Negative pressure wound therapy is a complementary wound therapy that is gaining attention in the EU and North America. Negative pressure wound therapy refers to continuously or intermittently applying sub-atmospheric pressure to the surface of a wound bed to remove exudate absorbed by dressings or collected in a canister.
Applications and Advantages
Negative pressure wound therapy is often used in skin graft, complicated acute wounds, surgical wounds, chronic wounds, burn wounds, and ulcers. This treatment has the following advantages:
When NPWT is applied, wounds can be maintained in a wet environment, reducing edema, improve blood supply, proliferate granulation tissue, and accelerate recovery.
NPWT aids bacteria clearance. Vacuuming in a single direction can also prevent further infection.
NPWT can reduce the frequency of dressing changes and is deemed as a way to alleviate a patient’s physical and financial burden, as well as minimize wasting of healthcare resources.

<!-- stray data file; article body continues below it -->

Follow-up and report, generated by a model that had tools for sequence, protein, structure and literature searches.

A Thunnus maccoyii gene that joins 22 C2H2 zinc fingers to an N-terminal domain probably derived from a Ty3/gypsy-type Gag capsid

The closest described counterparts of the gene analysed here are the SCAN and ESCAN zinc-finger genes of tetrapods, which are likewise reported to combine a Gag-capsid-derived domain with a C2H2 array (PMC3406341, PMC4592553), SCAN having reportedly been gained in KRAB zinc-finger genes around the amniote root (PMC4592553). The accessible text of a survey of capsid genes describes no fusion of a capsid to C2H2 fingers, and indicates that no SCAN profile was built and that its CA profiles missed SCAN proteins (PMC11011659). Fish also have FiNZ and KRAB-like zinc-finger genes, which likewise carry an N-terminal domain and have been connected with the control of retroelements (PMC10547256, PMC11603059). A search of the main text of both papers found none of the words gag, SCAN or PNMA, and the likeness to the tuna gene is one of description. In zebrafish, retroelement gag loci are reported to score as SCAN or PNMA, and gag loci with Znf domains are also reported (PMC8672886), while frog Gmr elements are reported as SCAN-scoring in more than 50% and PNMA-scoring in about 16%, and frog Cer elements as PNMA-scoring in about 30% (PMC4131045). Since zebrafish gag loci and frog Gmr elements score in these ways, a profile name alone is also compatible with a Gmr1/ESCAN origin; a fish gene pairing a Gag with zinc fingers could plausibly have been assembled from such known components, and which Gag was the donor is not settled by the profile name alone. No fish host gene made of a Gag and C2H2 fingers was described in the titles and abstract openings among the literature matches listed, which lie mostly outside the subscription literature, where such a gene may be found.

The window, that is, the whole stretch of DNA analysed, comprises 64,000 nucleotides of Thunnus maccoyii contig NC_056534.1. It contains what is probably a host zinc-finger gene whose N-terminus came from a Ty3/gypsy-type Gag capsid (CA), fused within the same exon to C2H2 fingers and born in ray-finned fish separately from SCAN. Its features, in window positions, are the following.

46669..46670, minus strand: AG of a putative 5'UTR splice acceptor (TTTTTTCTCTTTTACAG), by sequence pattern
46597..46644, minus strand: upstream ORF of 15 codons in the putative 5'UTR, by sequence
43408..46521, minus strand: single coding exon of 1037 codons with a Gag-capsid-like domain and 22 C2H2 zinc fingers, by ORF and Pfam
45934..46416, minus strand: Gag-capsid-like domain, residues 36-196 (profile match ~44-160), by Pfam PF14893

In Taiwan, where healthcare is covered by National Health Insurance, negative pressure therapy is mainly applied to hard-to-heal chronic wounds such as a diabetic foot, pressure ulcers, and bed sores. However, not all wounds can be treated with negative pressure wound therapy, including:
Non-intestinal fistula or fistula without exploratory laparotomy
Necrotic tissue with scab
Open wounds associated with vessels, nerves, tendons and bones
Wounds at the anastomotic site
The progress of conducting negative pressure therapy needs to be carefully evaluated by professionals in conjunction with proper wound care for better recovery.